Carp? What addiction?I am content to wait. I am well used to it...(and back to the top of the page) Carp? What addiction?a very subtil fish Carp? What addiction?Watch for magpies on your path. Throw salt over your left shoulder. Walk around ladders. Carp? What addiction?if you will Fish for a Carp, you must put on a very large measure of patience Carp? What addiction?I am content to wait. I am well used to it.
  • December 23rd. Clump Hill Farm Fishery. Hardly any carp.
  • Clump Hill FarmRainbow's end Clump Hill FarmThe traditional tiny perch on a size '6' and a lobworm Clump Hill FarmThe pitch Clump Hill FarmThe big green porcupine quill Clump Hill FarmMad, bright rudd
    Clump Hill FarmTwo 'goer' roach, nice to see Clump Hill Farm'parp' Clump Hill FarmThe traditional float for perca f. Clump Hill Farm1lb 14oz of cross perch Clump Hill FarmWell over the 1lb mark
  • December 21st. The Nadder/'The Ponds'. Midwinter mixed nuts.
    The Nadder'Pond 1', The Wetland The NadderThe first swim The NadderA bunch of wild brownies, good sport all The NadderAn interesting but unproductive swim The NadderAlso interesting, but unproductive
    The Lower Saxon PondThe winter-view from the 'umbrella pitch' The Lower Saxon PondThere's a float in there somewhere The Lower Saxon PondThe rest, key-sized to 8oz The Lower Saxon PondEntry for the smallest perch of the year The Lower Saxon PondOne of this year's, fending for itself The Lower Saxon PondBig head shaking cannible ('big' for this pond)
    The Lower Saxon Pond A find roach just over 1lb The Lower Saxon Pond A big brass-tinged roach, 24oz or so. The Lower Saxon Pond Midwinternight
  • December 14th. Lyon's Gate. Lemons. The largest lake on a brisk day with an 8°C wind, the first pitch (a bit further down the bank than I'd prefer but others are here already), a bit of a tree, yielded four carp in 90 odd minutes so I've slid towards the windward to fish against the rushes and also dropped from an '8' to a '16'. Not a single bite as a result but the tree here cuts the wind, the water is 6.1°C (the air, some 11°C, must check that) so this end might get the bait-fish moving. I'll try for a cup or two, then regroup.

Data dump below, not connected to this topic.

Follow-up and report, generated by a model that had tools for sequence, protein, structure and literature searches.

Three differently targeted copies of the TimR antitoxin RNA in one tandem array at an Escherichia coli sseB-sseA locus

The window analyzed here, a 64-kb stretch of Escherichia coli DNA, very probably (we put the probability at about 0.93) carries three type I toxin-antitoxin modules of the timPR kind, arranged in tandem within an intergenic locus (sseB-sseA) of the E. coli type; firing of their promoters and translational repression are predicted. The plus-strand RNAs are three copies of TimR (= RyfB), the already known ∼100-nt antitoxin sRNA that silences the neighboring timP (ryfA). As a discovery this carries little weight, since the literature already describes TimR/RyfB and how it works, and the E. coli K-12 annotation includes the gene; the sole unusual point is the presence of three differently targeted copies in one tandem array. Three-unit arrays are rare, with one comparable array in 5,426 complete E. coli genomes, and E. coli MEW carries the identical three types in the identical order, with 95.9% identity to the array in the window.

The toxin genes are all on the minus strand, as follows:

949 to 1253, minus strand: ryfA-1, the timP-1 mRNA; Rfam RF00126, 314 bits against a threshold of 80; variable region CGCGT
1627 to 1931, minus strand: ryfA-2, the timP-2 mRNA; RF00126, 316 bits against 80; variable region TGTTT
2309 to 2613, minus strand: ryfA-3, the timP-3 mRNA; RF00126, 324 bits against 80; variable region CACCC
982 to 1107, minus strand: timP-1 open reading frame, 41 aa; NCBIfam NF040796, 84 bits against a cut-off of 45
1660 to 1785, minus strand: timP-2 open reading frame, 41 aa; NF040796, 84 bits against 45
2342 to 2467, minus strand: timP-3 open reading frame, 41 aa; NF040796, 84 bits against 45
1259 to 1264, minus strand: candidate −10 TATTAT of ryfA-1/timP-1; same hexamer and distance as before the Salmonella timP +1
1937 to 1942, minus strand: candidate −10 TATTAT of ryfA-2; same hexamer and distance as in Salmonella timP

The twitch on java, cup one, was another carp. Dullish. I put the two maggots under tree, get a mirror on the drop. Hm. The LHSRE keeps the '16' in despite all the pulling. I put the worm hook back on, might as well...

    Lyon's GateThe first and largest lemon... Lyon's Gate...the pitch and the low winter sun (and you can see the float). Lyon's Gate...and the lemonade. Lyon's GateYou can see the flat-float, but you'll have to stare hard. Lyon's GateThe second largest lemon (probably) Lyon's GateIt's Christmas, what can I tell you? it occurred to me then, (while munching mini-Stollen's, six, JAA for the reinforcement of) the old saying viz-a-viz 'lemons' where if you only have them, then make something useful with them...having stumbled into some off-season carp pogrom, baited red maggots, fished big lobs nicked once through the head on a red-flashed size '2' Kamatsu and went with it. The last but one, pushed the LHSRE very hard indeed and was deep, broad and weighty, 12lb or a bit more maybe. One more for luck, then took a snap of the lights, my neighbour of 35 yards north doing likewise - he'd had nineteen fish (to a pair of rods) with two tench and a bream. Knew I should have fished the other end, would've but for the 'pair of pods'...I'll come back when it's really cold I think.